KEVIN BOVEE: We don’t advocate that every single beaver should be killed. It’s the ones that block access, are the ones that cause us a little angst.
FRIEDRICHS: Shary Zoff is hopeful that beavers can continue to have a home in and around the Knife River. She’s a member of the grassroots organization called Advocates for the Knife River Watershed.
Zoff lives along the Knife River. She says there used to be a beaver dam there, but it came apart naturally in the late 90s.
SHARY ZOFF: And the beavers have tried to move back in. Unfortunately, my neighbor did let the trappers come in and trap them a few years ago.
FRIEDRICHS: She says since the DNR keeps trapping the beavers, this stretch of the Knife is less inviting. There was once a pond, but now a swath of tag alders and clusters of non-native reed canary grass grow by the river’s edge.
The Advocates of the Knife River Watershed say both the removal of beaver dams and forest clear cutting have led to increased erosion on the Knife. They say beaver dams can act like speed bumps in the river and help slow down the water as it moves through the watershed. That’s especially important as the climate changes and precipitation becomes more extreme, according to the group.
In contrast, officials from USDA Wildlife Services say “beaver dams are a major cause of habitat degradation in the streams that drain into Lake Superior, Lake Huron and Lake Michigan.”
And, of course, they say they’re bad for trout.
But new research shows it could be the exact opposite – that beavers might not be so bad for trout after all.
In 2018 and 2019, scientists at the University of Minnesota Duluth studied dams on a couple of rivers in the state, including the Knife. And, in those spots, they found that, during their study, dams didn’t necessarily block fish from migrating up and down the river.
Professor Karen Gran led the research team.
KAREN GRAN: So as long as water was able to get over the top of the dam at some point during that time period, the fish were able to move over the dam.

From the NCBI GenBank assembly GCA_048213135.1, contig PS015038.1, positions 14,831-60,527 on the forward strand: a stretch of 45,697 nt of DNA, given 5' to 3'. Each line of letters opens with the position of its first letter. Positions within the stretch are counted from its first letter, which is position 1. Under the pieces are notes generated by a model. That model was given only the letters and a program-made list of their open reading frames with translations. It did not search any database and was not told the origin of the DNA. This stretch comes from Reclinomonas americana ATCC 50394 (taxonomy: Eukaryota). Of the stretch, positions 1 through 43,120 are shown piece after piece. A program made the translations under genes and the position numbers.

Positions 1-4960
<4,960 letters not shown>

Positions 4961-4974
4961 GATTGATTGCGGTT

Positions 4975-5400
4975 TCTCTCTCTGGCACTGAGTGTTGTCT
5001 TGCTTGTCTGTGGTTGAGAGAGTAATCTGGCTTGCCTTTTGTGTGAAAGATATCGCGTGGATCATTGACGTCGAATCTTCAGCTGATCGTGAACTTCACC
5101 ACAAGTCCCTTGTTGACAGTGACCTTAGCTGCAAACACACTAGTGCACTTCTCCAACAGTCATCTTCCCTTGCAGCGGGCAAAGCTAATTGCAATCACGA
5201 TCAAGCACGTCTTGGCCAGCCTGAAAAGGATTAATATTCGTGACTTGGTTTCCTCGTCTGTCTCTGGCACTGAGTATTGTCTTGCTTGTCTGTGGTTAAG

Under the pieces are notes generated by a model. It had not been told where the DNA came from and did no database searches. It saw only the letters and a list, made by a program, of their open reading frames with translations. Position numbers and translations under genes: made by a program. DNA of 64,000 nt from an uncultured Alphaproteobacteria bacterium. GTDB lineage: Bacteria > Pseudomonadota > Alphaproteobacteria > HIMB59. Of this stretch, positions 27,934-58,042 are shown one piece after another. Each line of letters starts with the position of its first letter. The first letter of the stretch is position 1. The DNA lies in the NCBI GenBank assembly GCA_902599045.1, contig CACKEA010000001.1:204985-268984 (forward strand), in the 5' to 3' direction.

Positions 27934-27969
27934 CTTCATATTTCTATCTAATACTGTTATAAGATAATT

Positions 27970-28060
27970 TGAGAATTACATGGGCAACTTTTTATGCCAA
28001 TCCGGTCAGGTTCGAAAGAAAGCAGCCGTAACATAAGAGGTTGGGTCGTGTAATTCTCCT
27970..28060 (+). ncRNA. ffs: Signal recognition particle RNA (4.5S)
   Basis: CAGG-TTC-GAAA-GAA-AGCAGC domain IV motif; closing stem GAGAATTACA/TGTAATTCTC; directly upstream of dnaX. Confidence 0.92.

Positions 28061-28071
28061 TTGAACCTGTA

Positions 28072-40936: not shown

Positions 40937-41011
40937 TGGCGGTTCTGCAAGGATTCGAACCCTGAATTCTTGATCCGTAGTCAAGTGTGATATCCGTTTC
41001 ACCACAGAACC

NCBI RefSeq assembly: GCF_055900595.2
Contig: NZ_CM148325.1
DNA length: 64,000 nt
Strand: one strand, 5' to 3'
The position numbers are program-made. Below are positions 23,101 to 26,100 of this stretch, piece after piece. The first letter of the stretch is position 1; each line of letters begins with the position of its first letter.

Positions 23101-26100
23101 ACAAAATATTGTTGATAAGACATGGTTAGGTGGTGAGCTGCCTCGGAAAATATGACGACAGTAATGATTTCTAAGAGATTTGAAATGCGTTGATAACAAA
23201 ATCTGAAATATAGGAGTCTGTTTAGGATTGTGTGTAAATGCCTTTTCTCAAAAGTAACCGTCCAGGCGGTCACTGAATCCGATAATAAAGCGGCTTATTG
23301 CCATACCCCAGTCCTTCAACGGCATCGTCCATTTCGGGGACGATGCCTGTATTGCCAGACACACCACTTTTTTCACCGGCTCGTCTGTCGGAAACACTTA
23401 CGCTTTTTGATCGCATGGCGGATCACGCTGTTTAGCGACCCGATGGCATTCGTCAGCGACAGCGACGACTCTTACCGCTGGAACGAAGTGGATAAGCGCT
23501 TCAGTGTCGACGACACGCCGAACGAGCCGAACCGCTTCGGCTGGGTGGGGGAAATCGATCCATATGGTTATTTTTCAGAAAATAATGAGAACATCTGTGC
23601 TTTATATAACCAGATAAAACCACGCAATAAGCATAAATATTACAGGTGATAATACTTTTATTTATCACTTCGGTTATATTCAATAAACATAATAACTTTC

FRIEDRICHS: In fact, they found essentially no difference in fish movement where there were dams and where there weren’t any.
Gran says the dams they studied also had another important function for fish, like steelhead, that thrive in cooler water.
GRAN: The dams are providing storage capacity, they’re holding water back so that it’s available later in the summer. And they’re also in some cases cooling the water down if it is seeping through the subsurface and coming up downstream. I think that’s all beneficial to species downstream.
FRIEDRICHS: It was a small, short-term study, and they didn’t look at spawning steelhead. Gran says more research is needed on that.
The study didn’t change the Minnesota DNR’s main goal – removing beavers and dams from key trout rivers – to make way for the fish. But the DNR did make some changes. Deserae Hendrickson says two years ago, they reduced the number of beaver dams they removed from the Knife River.
But, at least for now, they’re still killing beavers and remain in that state of compromise where few people are happy.
Catch more news at Great Lakes Now:
Featured image: States in the Great Lakes kill beavers and remove dams on select rivers and streams. They’re doing it, in part, for anglers and the multi-billion dollar fishing industry. But some people are not on board with that. (Robes Parrish / USFWS)